To fly by private jet, you have achieved great success. Without doubt, you have a busy schedule. Your jet cost $30 million, maybe more. Furnishing it cost another $5 million. Fuel prices have dipped down, but it is still more than the proverbial rounding error. Your flight team is worth every penny. Good catering costs good money. What about your wine cellar in the sky?
One of only 38 Masters of Wine in North America and 318 in the world, James Cluer could be your man. Having advised Qatar Airways for over a decade, he is now consulting with private jet owners, both individuals and corporate flight departments. During a conversation, the Napa-based expert says, he was surprised to see that often the wine list on private jets was a result of having your flight attendant scramble to find a store near the airport during a layover. Cluer notes, he has not found any differences between what works well on commercial airliners versus private jets. He says, decanting may be troublesome because of turbulence and tight galleys, adding, there is a tendency to over pour.
If you are intrigued, Cluer works on a monthly retainer of $2,500. He will find out your preferences, including what type of foods you normally eat while flying. He will train your flight crew on serving. He will also help with making a monthly list, including procurement, all on a confidential basis, of course. “Flying privately is a special experience. Everything should be special,” Cluer believes. Having impressive and well-thought out selections from the vine will not only increase your enjoyment but wow your guests, he adds. Yes, the dry air kills your sense of smell and alters your palate so tannins are more pronounced and certain fruit flavors are lost.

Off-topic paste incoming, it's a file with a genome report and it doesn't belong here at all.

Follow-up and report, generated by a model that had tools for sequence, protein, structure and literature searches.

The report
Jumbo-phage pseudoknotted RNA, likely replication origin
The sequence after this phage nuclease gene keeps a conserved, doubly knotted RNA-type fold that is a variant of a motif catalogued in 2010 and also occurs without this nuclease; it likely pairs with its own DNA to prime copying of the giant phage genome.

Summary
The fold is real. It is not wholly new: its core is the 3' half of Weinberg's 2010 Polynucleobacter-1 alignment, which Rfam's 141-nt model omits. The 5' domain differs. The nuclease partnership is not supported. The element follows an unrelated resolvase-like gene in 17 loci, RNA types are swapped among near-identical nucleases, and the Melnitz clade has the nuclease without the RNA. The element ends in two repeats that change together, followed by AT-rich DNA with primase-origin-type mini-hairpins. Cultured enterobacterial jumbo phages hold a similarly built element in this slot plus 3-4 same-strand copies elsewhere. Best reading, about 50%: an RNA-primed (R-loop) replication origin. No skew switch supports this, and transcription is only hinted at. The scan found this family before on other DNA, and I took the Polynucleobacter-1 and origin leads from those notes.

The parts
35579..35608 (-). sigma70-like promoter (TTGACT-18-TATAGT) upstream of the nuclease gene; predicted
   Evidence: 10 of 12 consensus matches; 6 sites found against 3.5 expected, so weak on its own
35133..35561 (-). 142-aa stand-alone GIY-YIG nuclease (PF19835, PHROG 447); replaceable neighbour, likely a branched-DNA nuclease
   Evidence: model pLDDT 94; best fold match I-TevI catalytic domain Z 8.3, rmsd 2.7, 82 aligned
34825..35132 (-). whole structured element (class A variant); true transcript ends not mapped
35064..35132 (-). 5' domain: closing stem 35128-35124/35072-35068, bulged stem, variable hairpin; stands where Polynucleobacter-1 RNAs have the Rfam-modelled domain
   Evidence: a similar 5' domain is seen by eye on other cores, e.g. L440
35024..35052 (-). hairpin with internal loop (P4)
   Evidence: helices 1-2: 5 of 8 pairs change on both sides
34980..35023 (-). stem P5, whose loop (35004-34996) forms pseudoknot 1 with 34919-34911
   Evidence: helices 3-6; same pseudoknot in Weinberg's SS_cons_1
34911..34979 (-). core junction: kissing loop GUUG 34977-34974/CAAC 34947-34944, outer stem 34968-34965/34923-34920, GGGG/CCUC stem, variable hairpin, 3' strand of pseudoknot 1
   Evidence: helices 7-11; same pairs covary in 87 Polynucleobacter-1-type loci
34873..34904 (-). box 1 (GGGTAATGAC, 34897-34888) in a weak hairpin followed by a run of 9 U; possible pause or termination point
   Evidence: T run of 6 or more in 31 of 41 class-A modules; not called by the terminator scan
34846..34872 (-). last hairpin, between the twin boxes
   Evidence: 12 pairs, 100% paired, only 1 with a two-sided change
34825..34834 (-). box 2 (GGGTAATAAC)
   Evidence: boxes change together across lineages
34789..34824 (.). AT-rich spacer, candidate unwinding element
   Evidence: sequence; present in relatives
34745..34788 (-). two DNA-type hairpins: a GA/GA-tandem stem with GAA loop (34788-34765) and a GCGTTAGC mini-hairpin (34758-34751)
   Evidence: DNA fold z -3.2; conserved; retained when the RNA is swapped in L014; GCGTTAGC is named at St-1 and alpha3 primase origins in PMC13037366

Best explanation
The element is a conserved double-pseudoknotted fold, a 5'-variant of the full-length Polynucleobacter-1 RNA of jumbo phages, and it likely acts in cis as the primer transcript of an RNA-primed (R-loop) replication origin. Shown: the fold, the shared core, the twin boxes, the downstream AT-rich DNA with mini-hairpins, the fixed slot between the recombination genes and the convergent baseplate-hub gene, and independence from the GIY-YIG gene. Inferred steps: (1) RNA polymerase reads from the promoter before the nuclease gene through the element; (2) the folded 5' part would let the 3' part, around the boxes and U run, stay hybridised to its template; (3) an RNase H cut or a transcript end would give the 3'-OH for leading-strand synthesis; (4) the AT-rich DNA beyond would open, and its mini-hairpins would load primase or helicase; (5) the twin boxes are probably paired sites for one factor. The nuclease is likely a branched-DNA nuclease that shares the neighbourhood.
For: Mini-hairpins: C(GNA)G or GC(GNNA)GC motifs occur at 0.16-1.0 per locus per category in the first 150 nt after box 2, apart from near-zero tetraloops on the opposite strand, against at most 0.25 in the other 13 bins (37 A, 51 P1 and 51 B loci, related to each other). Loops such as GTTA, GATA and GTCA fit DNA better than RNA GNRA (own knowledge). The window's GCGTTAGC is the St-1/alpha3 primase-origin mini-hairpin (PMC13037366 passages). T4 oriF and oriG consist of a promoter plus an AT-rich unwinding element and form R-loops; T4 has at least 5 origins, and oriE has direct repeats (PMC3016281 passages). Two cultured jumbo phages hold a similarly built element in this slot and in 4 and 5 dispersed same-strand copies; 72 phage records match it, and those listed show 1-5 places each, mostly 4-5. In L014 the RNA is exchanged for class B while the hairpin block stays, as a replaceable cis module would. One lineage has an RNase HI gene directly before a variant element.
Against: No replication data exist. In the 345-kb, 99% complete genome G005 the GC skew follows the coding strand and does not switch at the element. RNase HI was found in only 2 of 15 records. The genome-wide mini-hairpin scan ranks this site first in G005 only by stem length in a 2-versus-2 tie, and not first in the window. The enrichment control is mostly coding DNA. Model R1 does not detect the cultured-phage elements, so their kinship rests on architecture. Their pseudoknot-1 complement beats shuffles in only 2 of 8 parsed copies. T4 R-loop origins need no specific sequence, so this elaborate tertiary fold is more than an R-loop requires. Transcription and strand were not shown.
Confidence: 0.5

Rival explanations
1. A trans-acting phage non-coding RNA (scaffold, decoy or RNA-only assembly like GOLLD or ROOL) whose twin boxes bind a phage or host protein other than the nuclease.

In pitching the story, his PR team warned, “If you crack open $2,000 worth of a big, bold Cabernet at altitude you might as well throw it out the window.” Hard to do, but point taken. Here are some of Cluer’s recommendations for wines that work well in-flight aboard your private jet:
- Krug, Champagne
- Billecart-Salmon Rosé Champagne
- Taittinger Comptes de Champagne 2004
- Roederer, l’Ermitage California
- Marc Morey, Chassagne Montrachet 2011, Burgundy
- Domaine Vacheron, Sancerre, France 2013
- Selbach-Oster, Zeltinger Sonnenuhr, Spatlese 2011 Riesling (Germany)
- Hamilton Russell, Chardonnay, South Africa 2012
- Domaine Weinbach Pinot Gris, Alsace 2012
- Trefethen, Napa Reserve Chardonnay 2012
- Finca Valpiedra, Reserva, 2006 Tempranillo (Spain)
- Felton Road, Pinit Noir, New Zealand 2012
- Chateau Ducru Beaucaillou, St Julien, Bordeaux 2009
- Chateau Pavie, St Emilion, Bordeaux 2005